RIP Stephen Covey, teacher and historian of self-help

Sad to hear of Stephen Covey’s death. Covey had a wonderful influence on the literature of self-help and business leadership. In a field full of charlatans, he was a good man and a great historian, who brought self-help back to its historical roots. This from a CNN piece on him back in the 1990s:

After receiving an MBA from Harvard, Covey became an assistant to the president of Brigham Young University in Provo. Finding himself interested in “the human side” of business, Covey obtained a cross-disciplinary doctorate in business and education, but he took eight years to do it.

The topic he chose for his dissertation was the “success literature” of the United States since 1776. Covey found that during the republic’s first 150 years, most of that kind of writing focused on issues of character, the archetype being the autobiography of Ben Franklin. But shortly after World War II, he writes in Seven Habits, “success became more a function of personality, of public image, of attitudes and behaviors, skills and techniques, that lubricate the processes of human interaction.”

He began to think about ways to get people to stop cultivating superficial charm and return to character building, and at about the same time he moved from administration to teaching organizational behavior. His classes, incorporating the embryo of his Seven Habits program, began to draw huge numbers of students — 600, 800, 1,000 to a class, Covey says. In 1985, to take his message to a wider audience, he quit teaching and founded the Covey Leadership Center in Provo, gambling everything he owned: “my home, my cabin, trust money, all my savings — I was hocked unbelievably.”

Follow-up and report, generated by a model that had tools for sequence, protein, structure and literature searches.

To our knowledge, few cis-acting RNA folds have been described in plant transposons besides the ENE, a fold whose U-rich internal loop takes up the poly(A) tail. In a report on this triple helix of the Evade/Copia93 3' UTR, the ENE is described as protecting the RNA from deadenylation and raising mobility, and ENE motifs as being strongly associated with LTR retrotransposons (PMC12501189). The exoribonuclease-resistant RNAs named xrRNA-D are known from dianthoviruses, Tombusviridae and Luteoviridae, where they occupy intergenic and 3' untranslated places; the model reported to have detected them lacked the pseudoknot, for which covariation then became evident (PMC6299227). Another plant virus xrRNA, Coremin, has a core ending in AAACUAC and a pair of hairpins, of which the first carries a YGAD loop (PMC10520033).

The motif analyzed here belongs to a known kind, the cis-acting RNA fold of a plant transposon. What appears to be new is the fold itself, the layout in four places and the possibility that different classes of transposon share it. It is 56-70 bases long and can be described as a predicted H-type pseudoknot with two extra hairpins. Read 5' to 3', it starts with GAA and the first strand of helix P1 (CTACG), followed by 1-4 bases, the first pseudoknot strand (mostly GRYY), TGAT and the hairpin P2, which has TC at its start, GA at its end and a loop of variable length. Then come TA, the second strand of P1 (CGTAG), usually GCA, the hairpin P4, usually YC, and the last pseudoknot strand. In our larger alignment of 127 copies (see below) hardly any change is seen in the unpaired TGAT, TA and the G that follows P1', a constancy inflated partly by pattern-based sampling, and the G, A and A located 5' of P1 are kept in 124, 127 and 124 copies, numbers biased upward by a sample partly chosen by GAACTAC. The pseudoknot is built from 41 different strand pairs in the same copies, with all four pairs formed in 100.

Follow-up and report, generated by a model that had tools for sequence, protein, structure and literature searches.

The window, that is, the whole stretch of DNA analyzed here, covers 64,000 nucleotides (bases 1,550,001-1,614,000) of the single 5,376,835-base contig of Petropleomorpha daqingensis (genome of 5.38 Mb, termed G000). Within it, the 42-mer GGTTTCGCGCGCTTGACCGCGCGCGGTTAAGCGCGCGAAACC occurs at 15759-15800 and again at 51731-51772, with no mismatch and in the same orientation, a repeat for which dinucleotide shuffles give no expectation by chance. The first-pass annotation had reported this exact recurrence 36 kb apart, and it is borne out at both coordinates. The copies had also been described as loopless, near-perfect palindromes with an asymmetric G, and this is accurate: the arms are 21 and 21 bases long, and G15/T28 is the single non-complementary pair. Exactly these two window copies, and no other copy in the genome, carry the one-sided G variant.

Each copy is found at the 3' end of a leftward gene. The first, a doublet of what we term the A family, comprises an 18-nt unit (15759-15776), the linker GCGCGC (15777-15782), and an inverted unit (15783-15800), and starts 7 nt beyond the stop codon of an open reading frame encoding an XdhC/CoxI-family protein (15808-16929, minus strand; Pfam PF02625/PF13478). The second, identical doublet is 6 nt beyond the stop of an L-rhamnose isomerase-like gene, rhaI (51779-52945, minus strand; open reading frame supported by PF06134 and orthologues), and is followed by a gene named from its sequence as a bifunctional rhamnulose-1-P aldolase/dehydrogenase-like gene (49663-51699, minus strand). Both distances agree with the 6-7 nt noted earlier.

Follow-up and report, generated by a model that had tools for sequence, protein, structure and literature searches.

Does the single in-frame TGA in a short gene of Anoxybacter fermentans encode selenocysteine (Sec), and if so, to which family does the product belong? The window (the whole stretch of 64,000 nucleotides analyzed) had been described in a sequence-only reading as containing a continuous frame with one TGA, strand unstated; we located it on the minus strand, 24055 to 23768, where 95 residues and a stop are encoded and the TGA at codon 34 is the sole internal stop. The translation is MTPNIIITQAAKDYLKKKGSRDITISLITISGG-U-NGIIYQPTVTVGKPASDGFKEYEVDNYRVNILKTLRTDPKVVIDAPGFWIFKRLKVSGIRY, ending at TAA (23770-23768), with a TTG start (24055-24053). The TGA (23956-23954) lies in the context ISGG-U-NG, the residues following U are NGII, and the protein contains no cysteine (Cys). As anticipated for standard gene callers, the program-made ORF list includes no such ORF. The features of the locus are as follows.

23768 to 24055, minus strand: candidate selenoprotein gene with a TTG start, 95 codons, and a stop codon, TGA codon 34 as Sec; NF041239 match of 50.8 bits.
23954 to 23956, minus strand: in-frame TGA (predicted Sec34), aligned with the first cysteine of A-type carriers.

Covey’s 7 Habits of Highly Effective People became one of the best selling books of all time. It’s a good read –  I particularly like the first habit, and its idea of focusing on what you can control rather than despairing over what you can’t. Covey calls it being  ‘response-able’. It’s an idea that I’d say first originated in Stoic philosophy, particularly in the philosophy of Epictetus, the first line of whose handbook reads ‘Some things are up to us, others are not’. As a scholar and historian, Covey would have known all about Epictetus, and the continued influence of Stoicism on self-help. I would love to read his dissertation on the history of self-help – Brigham Young University should publish it! I reckon it would probably do well.